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Are feds getting short-changed on Wyoming coal leases?

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Loading coal in the Powder River Basin. Photo by USGS.

IG report shows flaws in leasing program

By Summit Voice

SUMMIT COUNTY — The fossil fuel industry — specifically Big Coal — is shafting Americans every which way, from spewing heat-trapping greenhouses gases into the atmosphere to underpaying the federal government for the coal it takes from the Powder River Basin.

A report by the Department of Interior’s Inspector General found that U.S. taxpayers are likely losing tens of millions of dollars on bids from mining corporations as a result of a federal leasing program that undervalues the price of coal.

Even though the agency has a legal obligation to the American public to secure a fair market value for coal, it is not meeting its responsibilities to taxpayers, according to grassroots watchdog groups.

The IG investigation does not try to estimate the full scope of coal losses resulting from undervalued leases, but rather points to policy “weaknesses” and “flaws” that compound into substantial costs to taxpayers. As an example, it points to several recent mining leases in the Powder River Basin alone where missteps in the valuation process cost taxpayers at least $62 million.

“The system is completely broken and until it gets fixed, taxpayers are going to be cheated again and again out of millions of dollars,” said L.J. Turner,  a multi-generational rancher in the Powder River Basin who grazes cattle near the largest coal mines of the area. He is a member of the Powder River Basin Resource Council and Western Organization of Resource Councils.

The Powder River Basin, which stretches across southeastern Montana and northeastern Wyoming, currently produces 44 percent of the coal mined in the nation.

According to the IG report, BLM officials regularly low-ball the value of coal, allowing mining companies to pay far lower than market value for what they mine and sell. Even errors that undervalue coal by as little as a penny a ton can add up to multi-million dollar losses for taxpayers because of the enormous size of tracts that are leased at auction, the report concluded. There are currently close to 4 billion tons of Powder River Basin coal in the pipeline for possible coal leases, according to BLM data.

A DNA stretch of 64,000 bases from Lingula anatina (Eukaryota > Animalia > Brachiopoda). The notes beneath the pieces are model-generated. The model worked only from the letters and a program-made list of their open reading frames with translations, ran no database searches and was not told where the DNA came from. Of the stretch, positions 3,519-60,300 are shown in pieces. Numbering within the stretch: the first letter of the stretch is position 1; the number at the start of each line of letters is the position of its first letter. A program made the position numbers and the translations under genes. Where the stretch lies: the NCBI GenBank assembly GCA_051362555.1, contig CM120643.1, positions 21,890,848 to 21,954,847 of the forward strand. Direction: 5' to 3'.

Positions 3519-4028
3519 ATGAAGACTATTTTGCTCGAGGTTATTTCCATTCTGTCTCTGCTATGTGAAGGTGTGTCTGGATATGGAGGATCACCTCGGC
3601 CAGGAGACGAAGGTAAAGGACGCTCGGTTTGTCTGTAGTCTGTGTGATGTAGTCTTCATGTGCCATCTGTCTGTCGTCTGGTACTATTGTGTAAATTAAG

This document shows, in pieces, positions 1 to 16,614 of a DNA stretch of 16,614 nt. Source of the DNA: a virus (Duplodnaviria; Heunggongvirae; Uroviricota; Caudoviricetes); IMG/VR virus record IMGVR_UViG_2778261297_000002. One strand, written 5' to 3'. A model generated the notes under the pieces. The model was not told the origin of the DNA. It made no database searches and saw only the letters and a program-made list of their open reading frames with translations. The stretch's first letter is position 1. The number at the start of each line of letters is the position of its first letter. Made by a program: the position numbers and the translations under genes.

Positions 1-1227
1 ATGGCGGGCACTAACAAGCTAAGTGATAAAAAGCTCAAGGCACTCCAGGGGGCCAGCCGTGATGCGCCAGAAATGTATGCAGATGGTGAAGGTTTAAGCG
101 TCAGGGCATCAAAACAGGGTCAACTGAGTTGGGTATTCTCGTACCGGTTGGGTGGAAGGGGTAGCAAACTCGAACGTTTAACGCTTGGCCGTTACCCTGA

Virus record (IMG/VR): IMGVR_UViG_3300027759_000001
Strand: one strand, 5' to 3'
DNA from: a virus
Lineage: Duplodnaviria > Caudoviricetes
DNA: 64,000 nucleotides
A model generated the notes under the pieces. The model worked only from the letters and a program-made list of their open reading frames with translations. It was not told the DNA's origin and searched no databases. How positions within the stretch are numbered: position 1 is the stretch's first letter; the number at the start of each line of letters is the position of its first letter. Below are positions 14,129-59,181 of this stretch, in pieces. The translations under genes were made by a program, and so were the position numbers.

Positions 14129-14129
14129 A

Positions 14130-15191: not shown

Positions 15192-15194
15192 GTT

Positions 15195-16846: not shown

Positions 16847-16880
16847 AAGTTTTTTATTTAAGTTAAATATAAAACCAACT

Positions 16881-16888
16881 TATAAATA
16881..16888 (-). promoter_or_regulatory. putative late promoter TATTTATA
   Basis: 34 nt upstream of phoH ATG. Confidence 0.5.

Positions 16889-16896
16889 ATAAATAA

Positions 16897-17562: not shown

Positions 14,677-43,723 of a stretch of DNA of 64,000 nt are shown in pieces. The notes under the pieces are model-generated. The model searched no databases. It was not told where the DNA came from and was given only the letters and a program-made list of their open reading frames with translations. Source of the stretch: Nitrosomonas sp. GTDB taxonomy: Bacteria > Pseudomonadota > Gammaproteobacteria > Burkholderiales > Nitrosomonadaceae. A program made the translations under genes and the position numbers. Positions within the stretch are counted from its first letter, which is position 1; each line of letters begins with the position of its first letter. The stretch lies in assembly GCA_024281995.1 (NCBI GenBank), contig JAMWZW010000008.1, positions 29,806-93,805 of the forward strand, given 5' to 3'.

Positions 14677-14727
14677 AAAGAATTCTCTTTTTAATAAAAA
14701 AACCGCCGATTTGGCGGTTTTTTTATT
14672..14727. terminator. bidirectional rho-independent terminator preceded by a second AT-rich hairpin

An independent economic analysis on the federal coal leasing program conducted last year found that as a result of these policies that are highly favorable to the coal mining industry, taxpayers over the past 30 years have cumulatively lost almost $30 billion in revenue. That report raised a number of questions that led the IG to undertake its investigation.

Mining corporations such as Arch Coal, Peabody Energy and Cloud Peak Energy have argued that allowing them to pay less than fair market value for coal from public lands benefits Americans because it keeps coal cheap, which helps keep down prices for electricity. Since 2001, however, coal’s share of the electricity market has fallen from roughly 50 percent to about 40 percent as utilities switch to energy sources such as natural gas, wind and even solar.

As a result, mining companies are looking for new markets for their coal overseas. But as the inspector general report noted, the BLM is not fully accounting for the added value of coal that is intended for export, especially to Asian markets.

Coal exports more than doubled in the U.S. to 125 million tons between 2007 and 2012. But even though the price paid to companies for that coal also doubled, the price they paid for leases does not reflect the dramatic increase in fair market value.

“The Interior Department has an obligation to the American people to make sure they’re getting fair value for this coal,” said Turner. “Secretary Jewell should put the brakes on any additional leases until the DOI can ensure that taxpayers aren’t getting cheated anymore.”

The Powder River Basin Resource Council is a landowner and conservation group based in Sheridan, Wyo. The Western Organization of Resource Councils is a Billings, Mont. based network of conservation and family agriculture organizations, including Powder River.

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